CCC spokesperson Fadzayi Mahere has strongly criticized President Emmerson Mnangagwa for signing into law the Criminal Law Codification and Reform Amendment Bill 2022, commonly known as the “Patriotic Bill,” stating that it is unconstitutional.

The Chief Secretary to the President and Cabinet, Misheck Sibanda, officially announced that President Mnangagwa had given his assent to the Patriotic Bill through General Notice 1189 of 2023, published in the Government Gazette on Friday, July 14, 2023.

Mahere expressed her disapproval of the controversial bill becoming law, arguing that its enactment reveals that Mnangagwa’s government is even worse than that of the late former President Robert Mugabe, who was ousted by the military in November 2017. Mahere stated:

We strongly condemn the signing into law of the unconstitutional Patriotic Bill. This action confirms that Zimbabwe is now under a full-fledged dictatorship governed by a regime that surpasses the oppressive rule of Robert Mugabe. In the new Zimbabwe, unjust laws will be repealed, and we will fight for freedom.

Journalist Hopewell Chin’ono described Friday, July 14, as a dark day for Zimbabwe. He posted on Twitter:

President Emmerson Mnangagwa has signed the so-called Patriotic Act into law, which criminalizes any act deemed to “wilfully injure the sovereignty and national interest of Zimbabwe.” The interpretation of what constitutes such acts will be subject to contestation and potential misuse by biased judicial officers.

The Criminal Law (Codification and Reform) Amendment Act has faced condemnation from human rights activists, both domestically and internationally, as it is seen as a tool to punish critics of the corrupt and repressive ZANU PF regime.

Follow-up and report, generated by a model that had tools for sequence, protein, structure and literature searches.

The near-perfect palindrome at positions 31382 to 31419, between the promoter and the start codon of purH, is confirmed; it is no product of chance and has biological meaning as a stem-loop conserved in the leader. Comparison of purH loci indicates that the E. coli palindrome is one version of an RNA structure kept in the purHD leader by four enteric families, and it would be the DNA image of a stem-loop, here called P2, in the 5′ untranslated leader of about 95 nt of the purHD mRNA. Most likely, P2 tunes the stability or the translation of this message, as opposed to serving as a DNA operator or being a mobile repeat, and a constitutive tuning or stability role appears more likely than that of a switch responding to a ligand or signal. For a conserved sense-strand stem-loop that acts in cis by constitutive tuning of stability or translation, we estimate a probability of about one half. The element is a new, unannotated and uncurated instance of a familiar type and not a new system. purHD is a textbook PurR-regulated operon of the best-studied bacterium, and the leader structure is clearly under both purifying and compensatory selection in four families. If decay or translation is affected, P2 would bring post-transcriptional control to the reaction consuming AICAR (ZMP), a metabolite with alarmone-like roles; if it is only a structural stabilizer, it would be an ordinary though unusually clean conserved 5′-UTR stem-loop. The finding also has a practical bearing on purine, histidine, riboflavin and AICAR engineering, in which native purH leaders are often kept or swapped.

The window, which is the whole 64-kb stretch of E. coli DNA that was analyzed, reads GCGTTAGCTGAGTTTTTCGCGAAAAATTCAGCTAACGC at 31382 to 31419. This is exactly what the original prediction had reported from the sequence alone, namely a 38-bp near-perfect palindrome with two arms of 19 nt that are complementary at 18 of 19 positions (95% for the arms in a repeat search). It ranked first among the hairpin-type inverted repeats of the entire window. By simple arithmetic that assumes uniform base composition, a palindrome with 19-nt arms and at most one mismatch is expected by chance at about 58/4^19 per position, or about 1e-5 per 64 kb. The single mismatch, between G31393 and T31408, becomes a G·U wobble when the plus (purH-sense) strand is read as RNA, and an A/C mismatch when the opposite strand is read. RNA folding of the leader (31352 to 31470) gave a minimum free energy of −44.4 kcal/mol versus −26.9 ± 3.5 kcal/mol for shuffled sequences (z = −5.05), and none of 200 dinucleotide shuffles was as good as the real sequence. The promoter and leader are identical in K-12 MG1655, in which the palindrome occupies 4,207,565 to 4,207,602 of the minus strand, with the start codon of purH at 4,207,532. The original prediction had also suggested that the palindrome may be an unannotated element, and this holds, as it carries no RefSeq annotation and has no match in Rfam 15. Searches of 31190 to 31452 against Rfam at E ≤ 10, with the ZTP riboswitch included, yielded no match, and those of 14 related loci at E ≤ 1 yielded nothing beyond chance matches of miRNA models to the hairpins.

This draconian law severely restricts the limited space for free speech that existed, directly violating the constitutional right to free expression in Zimbabwe.

It will result in the imprisonment of numerous opposition members, government critics, and journalists for merely exercising their constitutional rights.

At present, Zimbabwe has two political prisoners who have been incarcerated for speaking out against repression and corruption.

Opposition MP and lawyer Job Sikhala has been in jail for over a year without bail or conviction.

Political activist Jacob Ngarivhume received a four-year sentence for his anti-corruption activism and organizing a protest against corruption.

The regime scrutinizes the Twitter accounts of opposition politicians, critics, and journalists for any content that offends it, leading to their arrest under non-existent laws.

This law is clearly intended to silence them. Today is a dark day for Zimbabwe.

The new legislation imposes penalties, including a fine not exceeding level twelve or a maximum prison term of ten years, or both, for individuals found guilty of “wilfully injuring the sovereignty and national interest of Zimbabwe.”